The increase in length is aligned to a longer wheelbase, which has grown by 25mm to 2865mm. The added width, meanwhile, has seen the adoption of wider tracks. The front is up by 19mm to 1583mm, while the rear is extended by 48mm to 1594mm, with the effect that the new C-Class’s wheels, ranging from a standard 17 up to optional 20 inches in diameter, now sit further outboard within the wheelhouses.

Underpinning the new Mercedes-Benz is a reworked version of the outgoing fourth-generation C-Class’s MRA (Modular Rear Architecture) platform. The German carmaker won’t go into specifics on what has changed here, saying only that the material mix of the floorpan has been altered with greater aluminium and hot-pressed steel, and that overall rigidity has been increased over the old C-Class.

The new four-door uses a similar suspension design to its predecessor, with double wishbones up front and a five-link arrangement at the rear. In combination with the wider tracks, the springs, dampers and anti-roll bars have all been returned.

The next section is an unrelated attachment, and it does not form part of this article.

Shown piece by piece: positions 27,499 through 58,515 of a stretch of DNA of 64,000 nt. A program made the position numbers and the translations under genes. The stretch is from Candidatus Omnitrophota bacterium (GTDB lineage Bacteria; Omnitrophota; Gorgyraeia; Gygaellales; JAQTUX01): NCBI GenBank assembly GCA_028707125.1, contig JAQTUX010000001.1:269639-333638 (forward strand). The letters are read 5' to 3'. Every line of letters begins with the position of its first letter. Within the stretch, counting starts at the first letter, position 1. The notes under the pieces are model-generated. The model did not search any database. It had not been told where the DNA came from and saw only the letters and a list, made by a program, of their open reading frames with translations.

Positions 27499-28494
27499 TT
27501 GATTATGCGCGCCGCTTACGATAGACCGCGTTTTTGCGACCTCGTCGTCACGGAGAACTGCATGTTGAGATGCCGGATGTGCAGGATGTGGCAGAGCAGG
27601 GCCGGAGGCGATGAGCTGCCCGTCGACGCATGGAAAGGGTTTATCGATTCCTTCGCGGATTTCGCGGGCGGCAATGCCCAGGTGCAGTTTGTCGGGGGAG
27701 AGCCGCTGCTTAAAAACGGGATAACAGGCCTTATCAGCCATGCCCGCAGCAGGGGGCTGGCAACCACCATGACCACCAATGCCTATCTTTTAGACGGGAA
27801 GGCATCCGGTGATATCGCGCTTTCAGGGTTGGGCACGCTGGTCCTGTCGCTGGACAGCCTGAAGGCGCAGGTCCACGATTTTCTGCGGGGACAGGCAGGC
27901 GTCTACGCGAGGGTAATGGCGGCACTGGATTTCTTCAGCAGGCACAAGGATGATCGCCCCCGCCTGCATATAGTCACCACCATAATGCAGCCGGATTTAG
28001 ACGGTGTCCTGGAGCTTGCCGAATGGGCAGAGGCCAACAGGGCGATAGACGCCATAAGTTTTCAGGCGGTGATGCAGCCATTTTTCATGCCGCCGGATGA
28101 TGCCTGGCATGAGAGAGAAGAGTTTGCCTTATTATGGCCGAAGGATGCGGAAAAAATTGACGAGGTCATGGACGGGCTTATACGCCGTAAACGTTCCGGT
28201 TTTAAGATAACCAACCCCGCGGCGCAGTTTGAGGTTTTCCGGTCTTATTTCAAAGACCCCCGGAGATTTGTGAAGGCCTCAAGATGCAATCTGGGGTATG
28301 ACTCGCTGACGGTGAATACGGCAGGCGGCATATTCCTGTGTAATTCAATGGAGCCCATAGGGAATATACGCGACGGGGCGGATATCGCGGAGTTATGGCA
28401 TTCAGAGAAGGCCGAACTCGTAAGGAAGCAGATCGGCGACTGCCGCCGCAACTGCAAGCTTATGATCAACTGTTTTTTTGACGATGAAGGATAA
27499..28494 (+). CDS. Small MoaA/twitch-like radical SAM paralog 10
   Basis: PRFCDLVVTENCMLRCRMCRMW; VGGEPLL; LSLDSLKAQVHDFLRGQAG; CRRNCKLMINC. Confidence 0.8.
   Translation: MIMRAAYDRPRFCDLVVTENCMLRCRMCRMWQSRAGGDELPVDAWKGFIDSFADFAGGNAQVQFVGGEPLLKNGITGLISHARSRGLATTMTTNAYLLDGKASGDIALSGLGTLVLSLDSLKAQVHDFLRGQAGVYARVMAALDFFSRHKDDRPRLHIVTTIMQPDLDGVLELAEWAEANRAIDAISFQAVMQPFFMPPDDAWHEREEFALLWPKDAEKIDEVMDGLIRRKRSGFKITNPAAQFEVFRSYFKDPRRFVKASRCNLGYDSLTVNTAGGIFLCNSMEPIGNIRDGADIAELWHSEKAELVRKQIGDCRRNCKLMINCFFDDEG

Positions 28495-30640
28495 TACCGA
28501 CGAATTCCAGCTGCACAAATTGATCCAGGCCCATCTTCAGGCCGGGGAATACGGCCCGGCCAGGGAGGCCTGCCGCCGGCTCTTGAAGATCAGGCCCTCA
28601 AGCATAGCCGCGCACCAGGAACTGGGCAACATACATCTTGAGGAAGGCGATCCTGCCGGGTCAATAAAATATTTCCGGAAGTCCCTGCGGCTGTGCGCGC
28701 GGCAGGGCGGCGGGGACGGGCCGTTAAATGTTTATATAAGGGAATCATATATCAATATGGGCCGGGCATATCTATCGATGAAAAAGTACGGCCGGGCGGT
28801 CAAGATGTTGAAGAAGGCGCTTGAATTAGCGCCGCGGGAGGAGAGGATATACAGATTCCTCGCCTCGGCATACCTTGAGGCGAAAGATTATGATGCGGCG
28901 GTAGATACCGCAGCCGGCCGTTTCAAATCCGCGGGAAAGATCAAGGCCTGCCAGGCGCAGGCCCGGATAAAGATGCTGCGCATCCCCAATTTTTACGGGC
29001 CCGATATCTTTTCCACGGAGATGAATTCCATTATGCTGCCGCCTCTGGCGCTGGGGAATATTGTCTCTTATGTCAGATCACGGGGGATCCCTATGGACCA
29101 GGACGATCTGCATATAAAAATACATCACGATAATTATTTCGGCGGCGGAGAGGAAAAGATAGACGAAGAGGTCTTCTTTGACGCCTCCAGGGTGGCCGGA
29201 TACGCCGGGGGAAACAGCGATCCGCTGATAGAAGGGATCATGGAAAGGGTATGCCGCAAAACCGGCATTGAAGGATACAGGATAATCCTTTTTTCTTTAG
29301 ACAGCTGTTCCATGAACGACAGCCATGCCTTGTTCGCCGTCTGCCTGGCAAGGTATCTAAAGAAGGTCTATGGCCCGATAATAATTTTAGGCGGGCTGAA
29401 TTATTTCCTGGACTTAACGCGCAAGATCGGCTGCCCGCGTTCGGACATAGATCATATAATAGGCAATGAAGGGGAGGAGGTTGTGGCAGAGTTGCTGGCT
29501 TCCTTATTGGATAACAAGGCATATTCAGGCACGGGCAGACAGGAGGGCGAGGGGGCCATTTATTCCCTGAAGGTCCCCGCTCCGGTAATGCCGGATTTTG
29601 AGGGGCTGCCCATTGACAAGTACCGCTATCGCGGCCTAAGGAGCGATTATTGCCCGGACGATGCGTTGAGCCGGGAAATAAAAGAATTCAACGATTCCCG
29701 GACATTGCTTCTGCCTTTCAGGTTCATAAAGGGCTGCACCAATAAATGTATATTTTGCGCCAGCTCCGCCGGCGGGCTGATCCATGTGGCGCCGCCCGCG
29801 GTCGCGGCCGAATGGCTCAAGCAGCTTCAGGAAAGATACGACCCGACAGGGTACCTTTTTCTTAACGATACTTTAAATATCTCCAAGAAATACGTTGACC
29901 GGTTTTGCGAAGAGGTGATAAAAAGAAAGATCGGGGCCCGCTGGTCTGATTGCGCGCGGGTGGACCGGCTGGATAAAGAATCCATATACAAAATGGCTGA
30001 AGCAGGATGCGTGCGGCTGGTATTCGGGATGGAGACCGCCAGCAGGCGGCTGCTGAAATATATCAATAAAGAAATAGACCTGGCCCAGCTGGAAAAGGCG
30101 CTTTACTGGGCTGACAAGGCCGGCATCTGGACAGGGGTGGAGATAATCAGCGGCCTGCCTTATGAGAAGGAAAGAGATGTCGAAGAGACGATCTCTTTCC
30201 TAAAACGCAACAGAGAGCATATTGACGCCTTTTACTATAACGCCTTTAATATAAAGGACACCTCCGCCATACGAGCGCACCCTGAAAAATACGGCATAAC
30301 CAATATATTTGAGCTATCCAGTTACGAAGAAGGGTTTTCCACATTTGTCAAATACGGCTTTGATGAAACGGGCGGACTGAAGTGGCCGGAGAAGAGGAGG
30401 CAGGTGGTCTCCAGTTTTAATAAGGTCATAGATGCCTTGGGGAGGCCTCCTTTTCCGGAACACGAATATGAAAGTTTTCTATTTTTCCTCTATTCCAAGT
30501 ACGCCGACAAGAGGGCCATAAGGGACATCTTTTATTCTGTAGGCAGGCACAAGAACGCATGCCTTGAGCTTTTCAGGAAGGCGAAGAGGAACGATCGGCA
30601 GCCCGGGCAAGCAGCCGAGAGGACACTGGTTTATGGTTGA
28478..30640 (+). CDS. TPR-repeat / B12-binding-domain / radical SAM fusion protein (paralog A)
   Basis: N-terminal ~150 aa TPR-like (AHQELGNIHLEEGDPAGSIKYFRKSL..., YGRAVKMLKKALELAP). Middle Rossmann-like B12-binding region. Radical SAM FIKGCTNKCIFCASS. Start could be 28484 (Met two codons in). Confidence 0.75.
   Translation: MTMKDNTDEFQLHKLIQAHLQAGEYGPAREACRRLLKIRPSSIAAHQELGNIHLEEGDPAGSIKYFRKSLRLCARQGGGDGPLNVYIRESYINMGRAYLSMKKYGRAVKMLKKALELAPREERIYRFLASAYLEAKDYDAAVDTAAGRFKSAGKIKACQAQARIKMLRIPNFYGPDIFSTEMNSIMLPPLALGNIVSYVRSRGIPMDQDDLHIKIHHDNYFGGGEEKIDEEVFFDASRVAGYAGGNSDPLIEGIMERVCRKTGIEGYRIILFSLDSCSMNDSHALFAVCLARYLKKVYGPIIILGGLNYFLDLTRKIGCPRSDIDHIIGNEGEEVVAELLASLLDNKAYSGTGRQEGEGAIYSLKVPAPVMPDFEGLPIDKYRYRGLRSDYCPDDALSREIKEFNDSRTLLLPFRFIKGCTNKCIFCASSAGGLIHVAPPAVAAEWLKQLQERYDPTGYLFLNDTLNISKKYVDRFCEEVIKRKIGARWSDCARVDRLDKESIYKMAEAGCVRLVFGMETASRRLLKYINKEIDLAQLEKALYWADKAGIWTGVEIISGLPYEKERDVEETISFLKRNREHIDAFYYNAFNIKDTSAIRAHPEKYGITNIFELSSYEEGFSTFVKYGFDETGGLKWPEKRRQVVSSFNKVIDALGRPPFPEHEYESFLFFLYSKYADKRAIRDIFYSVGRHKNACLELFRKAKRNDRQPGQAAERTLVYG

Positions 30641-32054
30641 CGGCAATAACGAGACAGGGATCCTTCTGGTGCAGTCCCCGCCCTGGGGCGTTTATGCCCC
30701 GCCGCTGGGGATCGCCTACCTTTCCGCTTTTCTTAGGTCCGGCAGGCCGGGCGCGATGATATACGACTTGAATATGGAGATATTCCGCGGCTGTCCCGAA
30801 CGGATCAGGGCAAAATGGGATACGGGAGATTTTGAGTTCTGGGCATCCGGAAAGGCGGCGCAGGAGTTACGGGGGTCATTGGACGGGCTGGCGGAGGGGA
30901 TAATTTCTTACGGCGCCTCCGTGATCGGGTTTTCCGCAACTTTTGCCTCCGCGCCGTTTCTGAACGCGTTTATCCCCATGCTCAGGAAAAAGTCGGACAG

Buyers can continue to specify adaptive dampers as optional equipment. Unlike the previous fourth-generation C-Class, though, there is no rear air suspension option anymore. In a move aimed at increasing low-speed manoeuvrability while introducing greater stability at higher speeds, however, the new C-Class receives optional rear-wheel steering for the first time. It operates at up to 2.5 degrees in a bid to project it beyond the latest 3 Series for outright driver appeal.

Inside, the new C-Class boasts the same contemporary look as the new S-Class. It makes a very strong impression when you step inside and set your backside on the newly styled front seats, with a mix of materials and expanse of optical-fibre lighting that make it feel even more special than the interior you find in the more expensive E-Class.